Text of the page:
For a late arrival/early departure, it is really convenient to stay in the old town. You can reach quickly the tourist attractions and not get stuck in traffic. However for a more upscale experience, Amman’s west side will be your only choice without being secluded in a resort. If we were staying a little longer I would have definitely picked one of the new hotels there. My favorite for sure is the W Amman Hotel.
The Red Sea(Aqaba) and the Dead Sea
By the Red Sea if you want to relax and do some scuba diving or snorkeling, the best place to stay is a resort. On the Dead Sea you don’t have many alternatives at all, but of course it is close enough to Amman so you could do a day trip if you want.
In both places, public beaches are not well-maintained and filthy, that’s why I recommend staying in a resort where you will have a private, organized beach. You should budget around 130/150 JOD a day.
Aqaba offers a great variety of upscale resorts. We treated ourselves to the beautiful Al Manara resort. A pricey place, but perfect to relax and enjoy the beach life. The resort is incredibly well designed with luxurious details that make it a pleasure to stay there.
On the Dead Sea, we had an amazing suite at the Hilton Dead Sea Hotel. The resort is really well laid out, with easy sea access, three swimming pools, one kid’s splash pool, and 7 restaurants and bars. Their kid’s club is also wonderfully organized.
In Wadi Rum your only option is to sleep in a Bedouin camp. Many places will make you an offer for a package with the desert tour, overnight stay, and meals (usually dinner and breakfast if you stay one night).
Many camps offer tents with private bathrooms. Some camps start to offer what look more upscale facilities like bubble tents. The tents inside look similar but prices vary greatly.
You would think that as you are going to sleep in a tent you maybe can save some money, well I hope you may be luckier than us! We did pick a reasonably priced place (Arena Desert Camp and Adventures) where for 70 JOD (£80, €96, $100) we had a tent for the 4 of us, a simple breakfast, dinner, and water.
The common spaces were basic but ok. Unfortunately, the tent was the most miserable and one of the most disgusting places I ever stayed. Everything was falling apart and dirty. The bed sheet couldn’t cover the mattresses that were in a state of disgrace. I still don’t know how I managed to sleep there! ( I really don’t understand how they have such a high rating on booking.com!!!)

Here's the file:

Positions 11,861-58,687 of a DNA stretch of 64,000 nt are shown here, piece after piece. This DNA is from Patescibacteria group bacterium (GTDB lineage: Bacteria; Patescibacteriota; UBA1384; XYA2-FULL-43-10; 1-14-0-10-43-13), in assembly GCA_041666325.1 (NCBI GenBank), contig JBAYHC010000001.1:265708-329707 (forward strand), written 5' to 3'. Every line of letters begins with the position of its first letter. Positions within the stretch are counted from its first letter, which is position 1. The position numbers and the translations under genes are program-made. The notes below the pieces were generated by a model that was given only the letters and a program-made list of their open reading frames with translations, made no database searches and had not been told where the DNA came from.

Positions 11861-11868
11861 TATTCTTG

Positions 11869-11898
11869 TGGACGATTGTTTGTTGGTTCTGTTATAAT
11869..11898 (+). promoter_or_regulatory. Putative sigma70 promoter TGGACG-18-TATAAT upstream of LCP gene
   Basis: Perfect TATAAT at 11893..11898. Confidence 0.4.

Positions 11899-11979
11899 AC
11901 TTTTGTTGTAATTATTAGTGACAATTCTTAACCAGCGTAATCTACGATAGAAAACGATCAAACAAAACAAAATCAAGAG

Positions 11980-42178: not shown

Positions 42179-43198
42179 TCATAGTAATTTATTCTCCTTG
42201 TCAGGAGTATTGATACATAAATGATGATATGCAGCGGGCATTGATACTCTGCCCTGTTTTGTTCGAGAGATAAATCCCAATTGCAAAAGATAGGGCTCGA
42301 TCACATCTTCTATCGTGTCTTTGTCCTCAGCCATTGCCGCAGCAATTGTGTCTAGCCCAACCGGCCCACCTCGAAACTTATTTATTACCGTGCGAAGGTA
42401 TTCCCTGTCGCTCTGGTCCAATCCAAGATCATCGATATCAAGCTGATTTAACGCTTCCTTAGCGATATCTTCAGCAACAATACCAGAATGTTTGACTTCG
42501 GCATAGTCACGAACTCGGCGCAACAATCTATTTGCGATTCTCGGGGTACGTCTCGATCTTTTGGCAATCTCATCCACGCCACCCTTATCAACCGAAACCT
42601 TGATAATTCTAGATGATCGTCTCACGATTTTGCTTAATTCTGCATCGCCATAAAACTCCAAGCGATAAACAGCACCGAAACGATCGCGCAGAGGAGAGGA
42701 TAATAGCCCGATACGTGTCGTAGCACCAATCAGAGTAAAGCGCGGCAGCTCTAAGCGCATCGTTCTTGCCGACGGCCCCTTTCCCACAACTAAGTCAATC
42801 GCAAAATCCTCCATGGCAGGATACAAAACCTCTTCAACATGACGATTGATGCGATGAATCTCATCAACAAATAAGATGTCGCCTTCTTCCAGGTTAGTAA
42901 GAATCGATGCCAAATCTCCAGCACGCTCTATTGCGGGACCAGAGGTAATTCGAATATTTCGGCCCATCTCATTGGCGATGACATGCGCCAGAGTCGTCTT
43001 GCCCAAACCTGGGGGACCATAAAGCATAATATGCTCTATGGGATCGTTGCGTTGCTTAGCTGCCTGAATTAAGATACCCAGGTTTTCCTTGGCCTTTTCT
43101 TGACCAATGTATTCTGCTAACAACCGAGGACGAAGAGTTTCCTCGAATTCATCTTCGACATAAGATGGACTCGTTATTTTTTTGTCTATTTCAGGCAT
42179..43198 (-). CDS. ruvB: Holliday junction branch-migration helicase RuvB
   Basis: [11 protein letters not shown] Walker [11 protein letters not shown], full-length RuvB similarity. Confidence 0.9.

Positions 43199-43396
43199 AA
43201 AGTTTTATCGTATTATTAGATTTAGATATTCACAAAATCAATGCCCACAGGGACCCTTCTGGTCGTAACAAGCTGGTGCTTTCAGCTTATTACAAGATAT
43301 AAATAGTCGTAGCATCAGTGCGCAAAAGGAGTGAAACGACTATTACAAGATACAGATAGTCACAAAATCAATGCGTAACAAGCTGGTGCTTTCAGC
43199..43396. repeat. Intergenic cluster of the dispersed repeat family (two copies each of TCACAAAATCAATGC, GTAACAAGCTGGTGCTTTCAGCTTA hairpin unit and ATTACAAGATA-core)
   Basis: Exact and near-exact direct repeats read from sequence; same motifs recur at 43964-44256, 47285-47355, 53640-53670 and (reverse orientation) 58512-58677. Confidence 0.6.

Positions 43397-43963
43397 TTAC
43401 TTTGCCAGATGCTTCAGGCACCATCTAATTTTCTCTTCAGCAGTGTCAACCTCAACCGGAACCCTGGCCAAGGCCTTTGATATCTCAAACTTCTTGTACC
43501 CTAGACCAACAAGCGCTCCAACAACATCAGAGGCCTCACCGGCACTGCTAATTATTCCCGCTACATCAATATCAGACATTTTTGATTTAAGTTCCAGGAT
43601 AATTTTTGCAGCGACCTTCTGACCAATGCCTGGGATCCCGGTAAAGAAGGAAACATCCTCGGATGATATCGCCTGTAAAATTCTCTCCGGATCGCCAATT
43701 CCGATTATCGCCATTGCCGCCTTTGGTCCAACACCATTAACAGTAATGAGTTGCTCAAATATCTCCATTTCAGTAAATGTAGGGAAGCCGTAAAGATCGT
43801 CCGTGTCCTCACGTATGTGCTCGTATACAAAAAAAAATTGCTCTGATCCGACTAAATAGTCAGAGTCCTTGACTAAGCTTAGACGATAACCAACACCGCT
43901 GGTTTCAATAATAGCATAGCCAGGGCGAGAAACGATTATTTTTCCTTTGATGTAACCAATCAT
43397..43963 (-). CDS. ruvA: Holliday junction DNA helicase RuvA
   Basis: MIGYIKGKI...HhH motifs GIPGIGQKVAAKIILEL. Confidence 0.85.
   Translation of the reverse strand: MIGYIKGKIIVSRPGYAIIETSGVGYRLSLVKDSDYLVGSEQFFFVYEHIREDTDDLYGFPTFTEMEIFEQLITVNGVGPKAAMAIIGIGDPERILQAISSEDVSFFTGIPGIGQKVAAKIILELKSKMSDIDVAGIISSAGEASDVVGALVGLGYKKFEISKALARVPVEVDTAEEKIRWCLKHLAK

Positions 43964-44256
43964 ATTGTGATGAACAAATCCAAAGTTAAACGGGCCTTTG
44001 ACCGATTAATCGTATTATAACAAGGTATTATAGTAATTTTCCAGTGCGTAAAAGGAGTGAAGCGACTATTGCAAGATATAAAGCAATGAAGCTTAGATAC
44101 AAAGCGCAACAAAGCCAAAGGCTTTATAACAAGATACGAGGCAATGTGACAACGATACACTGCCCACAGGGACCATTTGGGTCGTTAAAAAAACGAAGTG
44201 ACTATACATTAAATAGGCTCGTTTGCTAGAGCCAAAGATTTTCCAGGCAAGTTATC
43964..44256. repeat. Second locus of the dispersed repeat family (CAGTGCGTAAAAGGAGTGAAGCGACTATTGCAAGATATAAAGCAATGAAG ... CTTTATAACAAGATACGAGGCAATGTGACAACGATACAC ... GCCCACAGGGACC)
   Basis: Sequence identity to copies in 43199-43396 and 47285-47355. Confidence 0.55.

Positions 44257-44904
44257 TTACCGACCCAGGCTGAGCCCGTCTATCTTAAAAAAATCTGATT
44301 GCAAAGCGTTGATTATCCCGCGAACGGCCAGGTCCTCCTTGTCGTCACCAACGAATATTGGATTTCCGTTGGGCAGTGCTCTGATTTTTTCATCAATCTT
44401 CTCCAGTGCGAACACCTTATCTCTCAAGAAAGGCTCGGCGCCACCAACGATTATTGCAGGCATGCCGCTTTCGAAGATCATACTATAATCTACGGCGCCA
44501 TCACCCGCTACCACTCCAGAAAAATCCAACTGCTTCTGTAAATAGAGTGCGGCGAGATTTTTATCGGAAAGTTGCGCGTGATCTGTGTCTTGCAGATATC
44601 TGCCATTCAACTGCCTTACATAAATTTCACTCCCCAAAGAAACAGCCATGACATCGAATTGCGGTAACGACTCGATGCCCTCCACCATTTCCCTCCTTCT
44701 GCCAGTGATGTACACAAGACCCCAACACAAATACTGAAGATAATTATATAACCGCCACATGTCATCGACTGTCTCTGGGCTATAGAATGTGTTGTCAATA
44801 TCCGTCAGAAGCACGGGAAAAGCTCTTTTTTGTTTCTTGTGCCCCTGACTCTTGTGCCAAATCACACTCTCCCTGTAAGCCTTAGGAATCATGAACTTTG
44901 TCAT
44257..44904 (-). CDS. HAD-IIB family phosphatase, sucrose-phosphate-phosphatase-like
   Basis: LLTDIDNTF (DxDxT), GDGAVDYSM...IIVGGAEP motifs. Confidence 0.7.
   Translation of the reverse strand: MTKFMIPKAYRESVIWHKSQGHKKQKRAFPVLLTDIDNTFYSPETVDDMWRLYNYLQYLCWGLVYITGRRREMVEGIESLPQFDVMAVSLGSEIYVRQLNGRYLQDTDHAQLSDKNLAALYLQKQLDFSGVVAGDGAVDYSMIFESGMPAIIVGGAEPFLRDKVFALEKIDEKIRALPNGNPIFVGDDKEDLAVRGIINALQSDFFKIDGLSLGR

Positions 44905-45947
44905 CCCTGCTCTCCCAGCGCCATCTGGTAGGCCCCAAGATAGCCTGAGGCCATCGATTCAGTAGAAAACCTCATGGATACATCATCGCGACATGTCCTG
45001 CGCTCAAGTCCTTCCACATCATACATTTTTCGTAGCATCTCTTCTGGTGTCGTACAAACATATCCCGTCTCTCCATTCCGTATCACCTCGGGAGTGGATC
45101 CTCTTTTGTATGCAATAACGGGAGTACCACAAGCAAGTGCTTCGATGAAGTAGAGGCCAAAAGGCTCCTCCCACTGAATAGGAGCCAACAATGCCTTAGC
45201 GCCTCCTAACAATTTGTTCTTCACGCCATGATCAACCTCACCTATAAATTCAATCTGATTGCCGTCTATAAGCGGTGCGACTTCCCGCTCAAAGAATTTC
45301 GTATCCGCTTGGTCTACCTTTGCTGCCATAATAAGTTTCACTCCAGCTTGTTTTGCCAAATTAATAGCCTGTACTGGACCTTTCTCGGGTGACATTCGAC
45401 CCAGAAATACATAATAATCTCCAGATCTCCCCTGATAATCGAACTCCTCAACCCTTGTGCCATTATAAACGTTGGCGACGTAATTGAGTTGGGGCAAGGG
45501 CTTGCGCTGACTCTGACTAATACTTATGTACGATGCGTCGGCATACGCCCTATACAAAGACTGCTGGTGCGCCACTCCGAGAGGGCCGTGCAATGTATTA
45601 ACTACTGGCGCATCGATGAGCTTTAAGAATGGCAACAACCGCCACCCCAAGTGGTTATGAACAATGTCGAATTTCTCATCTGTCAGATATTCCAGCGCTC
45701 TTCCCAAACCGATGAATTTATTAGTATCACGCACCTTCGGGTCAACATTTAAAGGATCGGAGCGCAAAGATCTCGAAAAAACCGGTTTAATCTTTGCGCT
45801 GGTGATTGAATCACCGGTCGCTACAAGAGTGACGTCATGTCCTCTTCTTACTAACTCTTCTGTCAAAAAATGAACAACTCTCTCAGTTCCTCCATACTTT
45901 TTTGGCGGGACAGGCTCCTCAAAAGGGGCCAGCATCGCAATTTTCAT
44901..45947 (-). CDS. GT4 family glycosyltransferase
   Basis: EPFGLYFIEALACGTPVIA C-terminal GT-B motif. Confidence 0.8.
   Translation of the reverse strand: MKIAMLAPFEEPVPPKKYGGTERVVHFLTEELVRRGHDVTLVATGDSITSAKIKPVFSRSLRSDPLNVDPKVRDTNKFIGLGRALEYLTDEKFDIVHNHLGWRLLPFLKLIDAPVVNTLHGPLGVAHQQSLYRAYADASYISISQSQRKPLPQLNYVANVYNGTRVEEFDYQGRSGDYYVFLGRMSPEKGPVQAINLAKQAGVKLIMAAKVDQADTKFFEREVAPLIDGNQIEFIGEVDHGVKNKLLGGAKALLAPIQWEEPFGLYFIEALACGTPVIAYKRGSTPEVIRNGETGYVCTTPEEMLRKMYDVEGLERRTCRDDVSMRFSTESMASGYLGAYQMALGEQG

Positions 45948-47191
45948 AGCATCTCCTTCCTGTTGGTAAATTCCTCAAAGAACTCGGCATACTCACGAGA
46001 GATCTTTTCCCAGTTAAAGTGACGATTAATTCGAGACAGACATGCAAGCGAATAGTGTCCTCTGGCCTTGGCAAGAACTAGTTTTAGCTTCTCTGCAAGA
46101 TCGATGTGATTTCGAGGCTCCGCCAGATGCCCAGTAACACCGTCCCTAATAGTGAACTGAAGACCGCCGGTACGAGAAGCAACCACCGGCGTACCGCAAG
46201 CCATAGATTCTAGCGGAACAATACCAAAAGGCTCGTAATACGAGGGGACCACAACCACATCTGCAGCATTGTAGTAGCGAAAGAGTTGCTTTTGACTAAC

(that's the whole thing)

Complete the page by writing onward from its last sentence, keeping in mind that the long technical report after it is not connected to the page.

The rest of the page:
The people running the camp were nice and welcoming, but the tent put me off so much that it really ruined my stay in the desert.
There are many other places I looked at before I picked the Arena desert camp. Looking back now I truly regret not spending more money. Try to look at this other option instead:
Most people seem to have a great and peaceful experience here. While you are still in a tent in the desert, they seem to have elevated the level and provide great services.
….and budget at least double what we spent!
Petra (Wadi Musa)
Hotels in Petra are expensive for what they offer as you can imagine it is the most touristic destination in Jordan.
For a decent hotel, budget at least 60 JOD per night. However for this price, you will be a little further away. If you want to be closer to the Petra entrance but can’t afford the Movenpick or the Petra Guesthouse (definitely the best options in Petra), then consider at least 100 JOD per night.
We stayed at Petra corner. The hotel was clean and close enough to the main entrance, but for sure not fancy. I would stay there again but I would check also other options. Wadi Musa (that’s the name of the village) is really touristic and new hotels and guesthouses pop up constantly.
If you are happy to eat some takeaway food like sandwiches or shawarma you can find a meal for as little as 5 JOD.
If you want to try something a little more upscale, there are plenty of options available. Just be aware that prices can vary widely depending on where you eat. In most local restaurants in nicer settings, a main dish like a mixed grill was around 10 JOD.
In resort restaurants, a main dish like the mixed grill would go up to 15/17 JOD.
Credit cards and ATM
ATMs are common in big cities like Amman and Aqaba, but you will still need ready cash in Jordan, especially if you plan to visit more remote areas. Mastercard and Visa are accepted almost everywhere, while American Express and Maestro are a little less.